Theory, History & Composition

The Theory, History, and Composition Department provides a comprehensive theory and musicianship program as well as a series of weekly music history courses (for adults only) designed to promote an understanding of musical styles and genres. While history classes are offered quarterly, theory and composition classes are offered based on student interest and availability. Email for theory and composition inquiries.

Year-long offerings

Music Theory for Adults

If you are interested in Music Theory individual lessons for adults, please contact Stephanie Purschell at or 626.683.3355.

Winter Quarter History Courses

Alexander Scriabin and Sergei Rachmaninoff: The Symbolist and the Last Romantic

Instructor: Vatché Mankerian
Schedule: 5 Weeks| Thursdays 1:00 p.m. – 3:00 p.m. (Jan 11 – Feb 8)

These two composers were born almost a year apart — both were influenced by Chopin and initially continued his pianistic Romantic tradition. However, their paths would diverge. Rachmaninoff remained true to Romanticism until the end and, as a result, was rightfully dubbed the last Romantic. Scriabin on the other hand, was influenced by mysticism, synesthesia and theosophy, and departed from Romanticism and moved into a territory of dissonant and atonal music, for which he was dubbed Russia’s foremost Symbolist composer.

Music for the Keyboard: The Development of the Piano Etude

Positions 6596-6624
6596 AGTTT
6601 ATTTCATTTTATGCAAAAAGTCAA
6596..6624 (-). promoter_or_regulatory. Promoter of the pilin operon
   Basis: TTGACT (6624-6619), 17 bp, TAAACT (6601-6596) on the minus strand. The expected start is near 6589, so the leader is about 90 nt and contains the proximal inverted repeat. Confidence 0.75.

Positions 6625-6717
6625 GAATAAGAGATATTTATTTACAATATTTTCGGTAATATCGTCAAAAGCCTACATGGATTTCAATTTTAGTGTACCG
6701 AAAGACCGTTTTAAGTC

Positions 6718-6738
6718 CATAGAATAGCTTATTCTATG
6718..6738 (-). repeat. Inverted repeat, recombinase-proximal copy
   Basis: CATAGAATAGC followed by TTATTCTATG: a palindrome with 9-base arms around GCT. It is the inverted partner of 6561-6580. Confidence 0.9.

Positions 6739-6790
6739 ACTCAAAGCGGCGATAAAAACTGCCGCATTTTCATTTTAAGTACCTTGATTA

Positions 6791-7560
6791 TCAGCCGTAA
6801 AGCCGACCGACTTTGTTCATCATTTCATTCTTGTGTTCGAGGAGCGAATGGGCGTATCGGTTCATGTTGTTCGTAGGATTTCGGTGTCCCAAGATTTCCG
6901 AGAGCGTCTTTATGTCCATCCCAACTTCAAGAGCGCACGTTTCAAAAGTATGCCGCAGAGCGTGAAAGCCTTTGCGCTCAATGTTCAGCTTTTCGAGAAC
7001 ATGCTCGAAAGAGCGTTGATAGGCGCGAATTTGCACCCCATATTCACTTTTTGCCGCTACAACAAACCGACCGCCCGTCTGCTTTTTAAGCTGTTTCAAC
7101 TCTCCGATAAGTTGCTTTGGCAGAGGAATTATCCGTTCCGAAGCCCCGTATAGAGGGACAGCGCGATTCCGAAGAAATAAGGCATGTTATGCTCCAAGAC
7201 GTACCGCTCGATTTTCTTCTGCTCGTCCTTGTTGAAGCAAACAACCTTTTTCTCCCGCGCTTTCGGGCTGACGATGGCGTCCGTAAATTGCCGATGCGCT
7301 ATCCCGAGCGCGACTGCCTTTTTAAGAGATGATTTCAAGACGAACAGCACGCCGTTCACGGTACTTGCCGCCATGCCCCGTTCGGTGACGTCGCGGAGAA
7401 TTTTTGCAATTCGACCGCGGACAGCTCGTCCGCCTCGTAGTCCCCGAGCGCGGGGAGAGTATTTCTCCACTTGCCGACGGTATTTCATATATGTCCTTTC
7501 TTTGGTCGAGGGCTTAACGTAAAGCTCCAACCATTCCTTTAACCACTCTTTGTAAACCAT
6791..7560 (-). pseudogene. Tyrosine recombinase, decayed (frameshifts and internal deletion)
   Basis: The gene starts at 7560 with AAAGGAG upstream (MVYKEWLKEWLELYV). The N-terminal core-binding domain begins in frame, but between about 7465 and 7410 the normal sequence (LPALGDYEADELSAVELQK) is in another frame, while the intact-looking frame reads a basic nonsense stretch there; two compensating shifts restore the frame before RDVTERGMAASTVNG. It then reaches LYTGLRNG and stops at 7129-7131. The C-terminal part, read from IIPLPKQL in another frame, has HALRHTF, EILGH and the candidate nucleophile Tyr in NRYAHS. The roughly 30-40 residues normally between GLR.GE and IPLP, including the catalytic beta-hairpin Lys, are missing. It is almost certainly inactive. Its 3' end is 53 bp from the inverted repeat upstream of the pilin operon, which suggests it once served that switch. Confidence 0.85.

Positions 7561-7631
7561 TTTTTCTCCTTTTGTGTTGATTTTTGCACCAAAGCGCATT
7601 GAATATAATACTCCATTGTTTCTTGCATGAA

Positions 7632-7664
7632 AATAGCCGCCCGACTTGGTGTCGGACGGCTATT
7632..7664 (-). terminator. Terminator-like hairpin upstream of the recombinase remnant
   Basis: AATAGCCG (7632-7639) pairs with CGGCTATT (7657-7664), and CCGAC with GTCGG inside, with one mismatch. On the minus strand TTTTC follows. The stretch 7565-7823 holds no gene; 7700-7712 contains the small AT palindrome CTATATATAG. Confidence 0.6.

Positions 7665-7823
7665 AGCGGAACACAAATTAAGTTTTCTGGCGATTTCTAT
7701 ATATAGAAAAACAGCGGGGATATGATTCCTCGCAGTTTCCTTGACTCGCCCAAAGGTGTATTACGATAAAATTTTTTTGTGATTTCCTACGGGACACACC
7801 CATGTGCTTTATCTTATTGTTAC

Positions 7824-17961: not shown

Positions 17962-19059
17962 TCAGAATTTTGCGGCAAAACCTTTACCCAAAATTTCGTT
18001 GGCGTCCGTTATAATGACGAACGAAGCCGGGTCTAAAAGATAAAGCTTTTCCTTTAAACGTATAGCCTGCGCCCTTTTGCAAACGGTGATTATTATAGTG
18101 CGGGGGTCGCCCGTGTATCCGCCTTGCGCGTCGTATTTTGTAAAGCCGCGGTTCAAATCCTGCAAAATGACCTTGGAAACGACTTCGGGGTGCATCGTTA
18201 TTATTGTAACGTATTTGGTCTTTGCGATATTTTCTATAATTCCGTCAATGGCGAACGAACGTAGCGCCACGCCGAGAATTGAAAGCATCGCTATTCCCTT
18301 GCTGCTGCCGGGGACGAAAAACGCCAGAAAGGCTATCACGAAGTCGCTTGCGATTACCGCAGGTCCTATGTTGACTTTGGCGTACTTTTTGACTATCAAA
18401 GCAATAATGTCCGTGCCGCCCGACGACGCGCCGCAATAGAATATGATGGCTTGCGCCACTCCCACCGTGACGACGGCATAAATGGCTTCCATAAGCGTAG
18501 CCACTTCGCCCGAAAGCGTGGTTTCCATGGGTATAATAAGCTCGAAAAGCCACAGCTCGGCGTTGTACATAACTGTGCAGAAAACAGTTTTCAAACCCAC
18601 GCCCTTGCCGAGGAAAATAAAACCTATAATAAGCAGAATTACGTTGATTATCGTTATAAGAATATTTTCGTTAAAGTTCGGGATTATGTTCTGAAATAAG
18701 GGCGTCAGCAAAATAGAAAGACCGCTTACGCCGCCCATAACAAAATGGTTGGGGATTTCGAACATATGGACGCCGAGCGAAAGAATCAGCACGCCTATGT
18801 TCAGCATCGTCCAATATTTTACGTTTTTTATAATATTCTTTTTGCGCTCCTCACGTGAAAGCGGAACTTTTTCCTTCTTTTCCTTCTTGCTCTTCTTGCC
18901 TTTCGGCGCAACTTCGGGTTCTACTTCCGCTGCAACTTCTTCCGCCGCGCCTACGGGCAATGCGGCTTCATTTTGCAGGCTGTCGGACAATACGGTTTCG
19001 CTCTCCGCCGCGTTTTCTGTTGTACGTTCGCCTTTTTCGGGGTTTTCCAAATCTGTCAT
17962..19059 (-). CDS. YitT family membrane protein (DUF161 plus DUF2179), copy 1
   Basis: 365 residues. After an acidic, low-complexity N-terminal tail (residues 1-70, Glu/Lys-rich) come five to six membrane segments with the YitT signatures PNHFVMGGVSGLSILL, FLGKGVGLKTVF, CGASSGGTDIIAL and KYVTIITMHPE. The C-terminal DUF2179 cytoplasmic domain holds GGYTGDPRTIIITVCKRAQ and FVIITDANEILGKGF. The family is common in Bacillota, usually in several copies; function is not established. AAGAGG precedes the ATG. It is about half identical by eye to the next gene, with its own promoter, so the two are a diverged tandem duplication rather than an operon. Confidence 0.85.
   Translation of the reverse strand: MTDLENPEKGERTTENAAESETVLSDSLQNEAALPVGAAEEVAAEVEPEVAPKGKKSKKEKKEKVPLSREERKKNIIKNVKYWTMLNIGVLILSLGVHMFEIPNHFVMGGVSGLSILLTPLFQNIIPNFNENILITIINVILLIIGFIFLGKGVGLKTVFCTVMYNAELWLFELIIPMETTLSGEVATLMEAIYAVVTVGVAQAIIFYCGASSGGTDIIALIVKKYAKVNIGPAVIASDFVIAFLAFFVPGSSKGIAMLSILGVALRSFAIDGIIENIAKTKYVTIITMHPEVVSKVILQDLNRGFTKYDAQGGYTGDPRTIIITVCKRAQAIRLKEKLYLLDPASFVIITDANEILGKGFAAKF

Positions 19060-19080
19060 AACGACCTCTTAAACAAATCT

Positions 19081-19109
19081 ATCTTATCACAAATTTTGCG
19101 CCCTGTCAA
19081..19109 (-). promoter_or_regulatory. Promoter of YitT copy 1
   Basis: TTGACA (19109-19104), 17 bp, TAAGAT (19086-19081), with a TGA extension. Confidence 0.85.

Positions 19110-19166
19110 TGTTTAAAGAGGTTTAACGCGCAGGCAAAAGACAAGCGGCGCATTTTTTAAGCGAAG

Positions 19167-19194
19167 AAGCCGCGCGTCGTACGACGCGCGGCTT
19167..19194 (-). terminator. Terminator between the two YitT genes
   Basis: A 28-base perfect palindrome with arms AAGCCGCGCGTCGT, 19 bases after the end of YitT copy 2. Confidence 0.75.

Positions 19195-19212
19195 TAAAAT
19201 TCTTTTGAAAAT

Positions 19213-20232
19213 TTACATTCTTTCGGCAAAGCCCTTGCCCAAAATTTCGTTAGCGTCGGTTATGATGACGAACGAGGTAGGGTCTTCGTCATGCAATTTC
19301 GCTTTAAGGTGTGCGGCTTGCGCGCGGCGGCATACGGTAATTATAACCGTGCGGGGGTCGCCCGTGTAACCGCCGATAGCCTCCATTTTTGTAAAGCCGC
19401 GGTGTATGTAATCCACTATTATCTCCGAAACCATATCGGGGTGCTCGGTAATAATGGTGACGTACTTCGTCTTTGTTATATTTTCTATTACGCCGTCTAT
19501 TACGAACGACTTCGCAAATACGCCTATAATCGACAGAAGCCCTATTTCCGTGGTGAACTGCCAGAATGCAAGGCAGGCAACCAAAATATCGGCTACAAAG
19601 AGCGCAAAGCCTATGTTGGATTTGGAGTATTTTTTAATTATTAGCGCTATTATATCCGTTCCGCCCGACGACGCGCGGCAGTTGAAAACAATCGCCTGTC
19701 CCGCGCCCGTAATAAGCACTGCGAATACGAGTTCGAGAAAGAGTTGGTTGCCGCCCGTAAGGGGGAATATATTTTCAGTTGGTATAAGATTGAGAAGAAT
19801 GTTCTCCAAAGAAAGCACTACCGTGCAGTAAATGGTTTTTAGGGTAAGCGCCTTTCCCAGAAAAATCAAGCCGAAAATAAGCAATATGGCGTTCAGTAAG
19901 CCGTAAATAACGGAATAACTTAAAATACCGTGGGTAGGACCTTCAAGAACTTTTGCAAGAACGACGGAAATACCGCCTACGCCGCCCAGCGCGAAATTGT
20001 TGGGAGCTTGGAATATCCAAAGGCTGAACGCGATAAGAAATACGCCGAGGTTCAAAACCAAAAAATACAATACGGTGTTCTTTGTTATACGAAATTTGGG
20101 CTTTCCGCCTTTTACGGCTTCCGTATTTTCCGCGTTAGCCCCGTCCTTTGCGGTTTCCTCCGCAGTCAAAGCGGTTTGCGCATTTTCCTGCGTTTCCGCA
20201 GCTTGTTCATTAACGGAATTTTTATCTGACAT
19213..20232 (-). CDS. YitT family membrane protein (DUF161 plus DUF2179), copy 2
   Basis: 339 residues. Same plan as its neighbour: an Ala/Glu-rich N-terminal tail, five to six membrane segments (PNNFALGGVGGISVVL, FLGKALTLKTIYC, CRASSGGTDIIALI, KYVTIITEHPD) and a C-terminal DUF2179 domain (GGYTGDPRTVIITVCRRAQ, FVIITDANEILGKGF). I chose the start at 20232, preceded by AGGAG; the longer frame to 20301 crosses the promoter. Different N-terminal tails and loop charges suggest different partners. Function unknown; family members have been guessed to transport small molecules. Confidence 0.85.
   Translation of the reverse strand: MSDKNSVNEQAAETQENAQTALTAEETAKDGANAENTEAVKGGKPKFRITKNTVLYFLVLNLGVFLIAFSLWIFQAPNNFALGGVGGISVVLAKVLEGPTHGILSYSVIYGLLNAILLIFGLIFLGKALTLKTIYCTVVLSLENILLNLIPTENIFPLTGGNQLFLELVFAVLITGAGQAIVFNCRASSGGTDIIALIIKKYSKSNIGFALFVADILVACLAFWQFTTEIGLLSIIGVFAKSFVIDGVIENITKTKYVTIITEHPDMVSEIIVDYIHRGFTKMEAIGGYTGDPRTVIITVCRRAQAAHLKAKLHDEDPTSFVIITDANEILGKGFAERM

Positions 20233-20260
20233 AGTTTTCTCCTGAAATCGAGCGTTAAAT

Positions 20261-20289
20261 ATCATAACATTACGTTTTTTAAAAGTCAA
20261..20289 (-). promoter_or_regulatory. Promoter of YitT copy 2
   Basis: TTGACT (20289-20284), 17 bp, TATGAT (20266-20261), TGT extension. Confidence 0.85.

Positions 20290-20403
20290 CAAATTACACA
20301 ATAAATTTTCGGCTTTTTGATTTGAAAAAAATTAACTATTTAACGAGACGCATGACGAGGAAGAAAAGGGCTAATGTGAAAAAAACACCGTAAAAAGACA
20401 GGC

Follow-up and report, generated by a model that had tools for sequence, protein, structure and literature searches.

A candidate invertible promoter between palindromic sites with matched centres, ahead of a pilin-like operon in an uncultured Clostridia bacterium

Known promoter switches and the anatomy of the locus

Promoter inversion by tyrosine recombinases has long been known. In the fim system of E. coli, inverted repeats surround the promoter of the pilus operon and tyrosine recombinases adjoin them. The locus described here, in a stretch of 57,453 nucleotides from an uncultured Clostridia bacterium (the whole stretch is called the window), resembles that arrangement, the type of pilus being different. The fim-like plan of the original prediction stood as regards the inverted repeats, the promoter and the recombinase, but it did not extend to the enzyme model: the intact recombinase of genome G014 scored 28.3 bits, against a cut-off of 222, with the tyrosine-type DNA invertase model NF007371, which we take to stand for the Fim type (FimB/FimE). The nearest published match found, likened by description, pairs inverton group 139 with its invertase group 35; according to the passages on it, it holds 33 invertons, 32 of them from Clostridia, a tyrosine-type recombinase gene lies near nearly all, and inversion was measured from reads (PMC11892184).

Instructor: Dr. Sarkis Baltaian
Schedule: 10 Weeks | Fridays 9:30 a.m. – 11:45 a.m. (Jan 12 – March 23)

This class examines and explores the development of the piano etude from the Classical period through 20th century. Representative works include etudes by Hummel, Chopin, Schumann, Brahms, Liszt, Saint-Saens, Debussy, Messiaen, Scriabin, Rachmaninoff, and many more.

Jazz Goes to Hollywood, Part I: How the Music & Musicians Have Impacted the Movies

Instructor: Dr. Ray Briggs
Schedule: 10 Weeks| Fridays 1:00 p.m. – 3:15 p.m. (Jan 12 – Mar 16)

In fairly recent times, big budget films depicting various aspects of jazz culture, such as La La Land (2016) and Whiplash (2014), have been overwhelmingly successful at the box office and received numerous accolades at highly regarded benchmarks of cinema like the Golden Globes and the Academy Awards. While this may be celebrated as breaking new ground between the two art-forms, the relationship between jazz and film has existed for more than a century. As the first of a two-part series, this course seeks to provide an overview of this pairing by surveying “jazz and film” (i.e., jazz used as a film score) and “jazz on film” (i.e., jazz as the featured subject matter) from the late 1800s to the middle of the twentieth century. Particular aspects to be highlighted include seminal films, significant directors and movie studios, innovative composers and noteworthy musicians.

Visit the Fees page for more information about tuition and registration fees.